I’m more inclined to believe in the first explanation, and think that a large number of wasted votes is greater threat to the legitimacy of the election than a fractured parliament. Regardless of why these rules were chosen, however, it’s important to realize the implications they will have.
(1) In 1984 and 1987, Egypt used a modified Hare Quota, where seats that could not be awarded on the basis of full quotas were awarded to whichever party had at least half a quota. When no party achieved this cutoff, such seats were awarded to the nationally most popular party. This was a very unproportional way to allocate remainders, and served to boost the seat total of Mubarak’s National Democratic Party.
Eric Trager has a new article out for the Washington Institute for Near East Policy.
I genuinely appreciate the research Trager does, though I often disagree with his analysis, but I wanted to highlight a major problem I read in his article:
The official election bylaws have yet to be released, but reports suggest that the party-list elections will be based on district-wide voting, with winners determined using the “largest remainder system.” According to this method, only those parties that meet or exceed the quota of votes for a given district will be able to win seats. For example, in a district with five seats, a party must win at least 20 percent of the vote to gain a seat; even if a party finishes within the top five, none of its candidates will be seated if it does not cross the 20 percent threshold.
If this system is enacted, it will significantly hamper newer parties in the next parliamentary elections. The local nature of these party-list elections — as opposed to the nationwide systems in other democracies — makes it unlikely that small and still-forming parties will be able to compete effectively. Even in those districts where they might field multiple candidates, they would have trouble surpassing the relatively high thresholds that the largest remainder system implies.
This is simply untrue about largest remainder systems; largest remainders do not make it necessary to reach a quota. This should be somewhat intuitive if you think about. If this were really the case, then what if many parties ran and nobody reached that number? All PR systems, broadly speaking, rely on quotas to allocate seats; the largest remainder system is not exceptional. In fact, it is actually more favorable to smaller parties than the highest average method. To illustrate this, lets compare several scenarios using three different methods. The first is the standard highest average method of allocation seats, the D’hondt method. For the largest remainder system, we will use a Droop quota as examples. For each example, I’ll have one party receive 60,000 votes (60% in our district), while the next two only get 20,000 and 10,000 respectively. The other parties only get 1,000 each. This is an extremely fractured party system, but it will help demonstrate what could happen in many Egyptian districts.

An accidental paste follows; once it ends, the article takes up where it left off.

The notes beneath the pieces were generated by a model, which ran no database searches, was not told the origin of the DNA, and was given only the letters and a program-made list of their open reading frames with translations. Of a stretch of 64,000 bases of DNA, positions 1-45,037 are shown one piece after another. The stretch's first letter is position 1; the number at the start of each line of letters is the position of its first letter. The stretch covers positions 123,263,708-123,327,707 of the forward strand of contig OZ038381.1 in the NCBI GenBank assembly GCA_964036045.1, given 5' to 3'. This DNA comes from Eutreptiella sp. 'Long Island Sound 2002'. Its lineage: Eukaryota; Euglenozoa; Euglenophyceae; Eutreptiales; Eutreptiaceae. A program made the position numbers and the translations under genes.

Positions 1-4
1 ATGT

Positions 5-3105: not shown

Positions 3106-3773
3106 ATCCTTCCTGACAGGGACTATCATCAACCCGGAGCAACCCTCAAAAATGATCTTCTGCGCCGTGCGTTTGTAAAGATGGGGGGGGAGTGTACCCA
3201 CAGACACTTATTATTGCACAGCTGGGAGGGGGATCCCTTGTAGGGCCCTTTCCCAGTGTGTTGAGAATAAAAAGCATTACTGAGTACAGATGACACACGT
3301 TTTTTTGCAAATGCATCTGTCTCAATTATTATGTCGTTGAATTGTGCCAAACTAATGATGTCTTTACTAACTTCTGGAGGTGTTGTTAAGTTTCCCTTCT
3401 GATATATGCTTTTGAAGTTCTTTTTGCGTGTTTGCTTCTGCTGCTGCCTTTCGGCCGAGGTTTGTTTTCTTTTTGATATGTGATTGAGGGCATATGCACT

In the D’Hondt method, the total votes cast for every party (100,000) is divided, first by 1, then by 2, then 3, up to the total number of seats to be allocated (six for our example). Then the N highest entries (six in our example) are counted and awarded to those parties.
So in this example, Party A wins five seats, while Party B wins one.
Largest remaineder methods, however, work a bit differently. Instead, total votes are divided by N seats to create a quota used for allocation. Parties are awarded seats for every time they reach that quota. However, after the quota is reached a certain number of times, there are bound to be remainders. The remainders are then used to determine who will get the remaining seats. So using a Droop quota below, we can use the same election scenario and see how things would play out.
First the Droop quota is calculated (100,000/(N+1))+1, which equals 14,286. This is the number of votes a party needs to get one seat in the first distribution. After this, however, we still have one more seat to allocate. Party C has only 10,000 votes, much less than the Droop quota, but they have the largest remainder votes after their initial tally was divided by the quota. Because of this, they get the remaining seat, which makes this a more equal allocation method than highest averages.
Via The Daily Star, (which has really improved its website recently), comes more news about proposed electoral system reform in Lebanon.
One participant, who did not wish to be identified because of a secrecy agreement struck at the meeting, told The Daily Star that some parties were seeking to block proportional representation.
“I hope this isn’t true, but my impression is that many wouldn’t want to see proportional representation adopted and may use various means and tricks to avoid it,” the participant said. “Major political groups wouldn’t want to see it jeopardizing results in their constituencies. You will not hear anyone saying they are against proportional representation, because it is an international trend. But at the same time they are trying to build on a system of each community electing its members of Parliament.”
The bluntness in these talks is strangely refreshing to me. Given the nature of politics in Lebanon, and the potential ramifications of changing their infamous model, I guess this make sense.
In my last post I went over the basics of Egypt’s new district boundaries. Now I would like to delve into the some of their potential implications.